That’s not all: “I don’t like people who are rude to our waiters,” he said. And he is keeping track.

The reservations system has miniprofiles on clients: the number of times they have eaten at the restaurant, (Mr. Menicheschi, the publisher, supposedly is near the top of the list with more than 200 meals) whether they complained about the food, whether they yelled at a waiter or ever wrote an unflattering word about Mr. Carter. No, not really on the last one.

Has anyone been blacklisted? Mr. Carter won’t say, but Mr. Varda admits that there is one group. “B-list stars who call the paparazzi from inside the restaurant,” he said. “They are not invited back.” (Privacy is so sacred at the Waverly that Mr. Varda says he has stopped a major film star from photographing his own family at dinner.) Also, waiters have been dismissed for being overly attentive to celebrities.

Yes, I can confirm such notes are made and Dublanica is correct, customers do get blacklisted. That’s the least of the sins however.

Now reading: oy, too many to mention. Updates soon.

2 Responses to “Diversions”


  1. 1 somd August 25, 2008 at 10:31 pm

    How is Courtney Hunt your classmate?

  2. 2 jacqueline1230 August 26, 2008 at 12:20 am

    She and I were in the same class in law school.


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A window into what I’m thinking and writing about.

Whether it's Food & Cooking, Sports, Film, Travel or the Business of Writing itself...you can find it all through this page. Use this sidebar and the links below to go directly to whatever strikes your fancy. Jacqueline Church's Facebook profile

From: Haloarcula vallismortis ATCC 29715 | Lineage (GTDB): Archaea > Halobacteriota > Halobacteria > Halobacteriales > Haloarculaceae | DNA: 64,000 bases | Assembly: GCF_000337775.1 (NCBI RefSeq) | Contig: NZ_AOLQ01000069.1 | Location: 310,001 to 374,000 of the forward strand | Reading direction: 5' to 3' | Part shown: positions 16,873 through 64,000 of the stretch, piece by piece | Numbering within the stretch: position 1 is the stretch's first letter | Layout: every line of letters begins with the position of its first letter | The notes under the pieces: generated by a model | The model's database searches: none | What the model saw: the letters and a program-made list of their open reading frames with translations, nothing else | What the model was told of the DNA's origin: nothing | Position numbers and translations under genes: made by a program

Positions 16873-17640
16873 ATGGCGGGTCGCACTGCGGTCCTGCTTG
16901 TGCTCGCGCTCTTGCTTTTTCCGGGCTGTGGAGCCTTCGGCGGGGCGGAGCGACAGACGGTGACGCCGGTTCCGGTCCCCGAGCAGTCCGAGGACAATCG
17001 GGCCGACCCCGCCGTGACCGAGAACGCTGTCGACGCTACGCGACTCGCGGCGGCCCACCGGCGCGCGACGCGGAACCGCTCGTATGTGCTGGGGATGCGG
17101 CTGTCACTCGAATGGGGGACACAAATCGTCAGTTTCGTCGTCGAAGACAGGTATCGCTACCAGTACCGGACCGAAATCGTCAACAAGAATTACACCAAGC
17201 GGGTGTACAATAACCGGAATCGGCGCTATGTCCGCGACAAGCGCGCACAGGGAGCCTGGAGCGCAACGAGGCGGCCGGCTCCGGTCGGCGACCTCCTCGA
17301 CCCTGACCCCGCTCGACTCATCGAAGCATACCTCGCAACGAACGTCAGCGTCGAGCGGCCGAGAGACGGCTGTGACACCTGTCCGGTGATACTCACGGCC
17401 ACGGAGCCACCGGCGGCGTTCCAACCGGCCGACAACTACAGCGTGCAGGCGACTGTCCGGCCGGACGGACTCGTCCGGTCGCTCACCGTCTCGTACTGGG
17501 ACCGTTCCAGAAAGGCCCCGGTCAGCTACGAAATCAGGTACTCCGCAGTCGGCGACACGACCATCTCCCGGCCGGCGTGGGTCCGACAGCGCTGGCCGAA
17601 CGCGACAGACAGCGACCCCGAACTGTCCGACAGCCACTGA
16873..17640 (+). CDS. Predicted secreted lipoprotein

Where I’ve been seen, published, cited, syndicated…

  • - Tuesday November 11 @6 PM Povo Blogging Panel. Come to 660 Washington Street in Chinatown at the Archstone Building to see what a panel of bloggers have to say about the state of blogging.
  • - Interviewed by Sarah Turner of Suite101 about Using Blogs to Raise Social Awareness
  • - Reuters, Chicago Sun-Times, Austin American Statesman, BBQ Report, Computer Shopper. See clips here.

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Books make great gifts, for yourself or others.

Click here to see what's on my Powell's Bookshelf.
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Mark Your Calendars

August 22 - Courtney Hunt's acclaimed film Frozen River at the Coolidge Corner. See Diversions for more.

Caught my eye…

  • The Audubon Insectarium opens in New Orleans. See Getting Down with All that Skitters.
  • Copper River Salmon is so hot, even E!online is commenting on the stars who eat it. Taye Diggs was digging it.
  • Vertical farms? Colbert meets Ethicureans...heaven is for those with humor and ethics, yes? Interesting food for thought here....

On Women and Work

Read my contributions to The Glass Hammer a new blog for executive women.

Diversions

  1. Tales of the Cocktail may be over but the fun continues. Check the blogs and podcasts for all the news that fit to drink!
  2. The Maori art of facial tatooing is called moko. It is a powerful expression of tribal identity which has only recently enjoyed a resurgence as the colonial Christian prohibitions against it have lessened. Go to the Peabody Essex Museum for this rare opportunity to catch a glimpse of this amazing cultural tradition. The documentary I saw at Sundance years ago on moko, was one of the most powerful films I have ever seen.
  3. The Audubon Insectarium is a new and top-notch attraction in New Orleans. We passed by it and wondered why we'd missed it before. Turns out it's just now opening. No time this last trip, but it's on the list for the next time. Check here for info.

What's on my del.iciou.us list?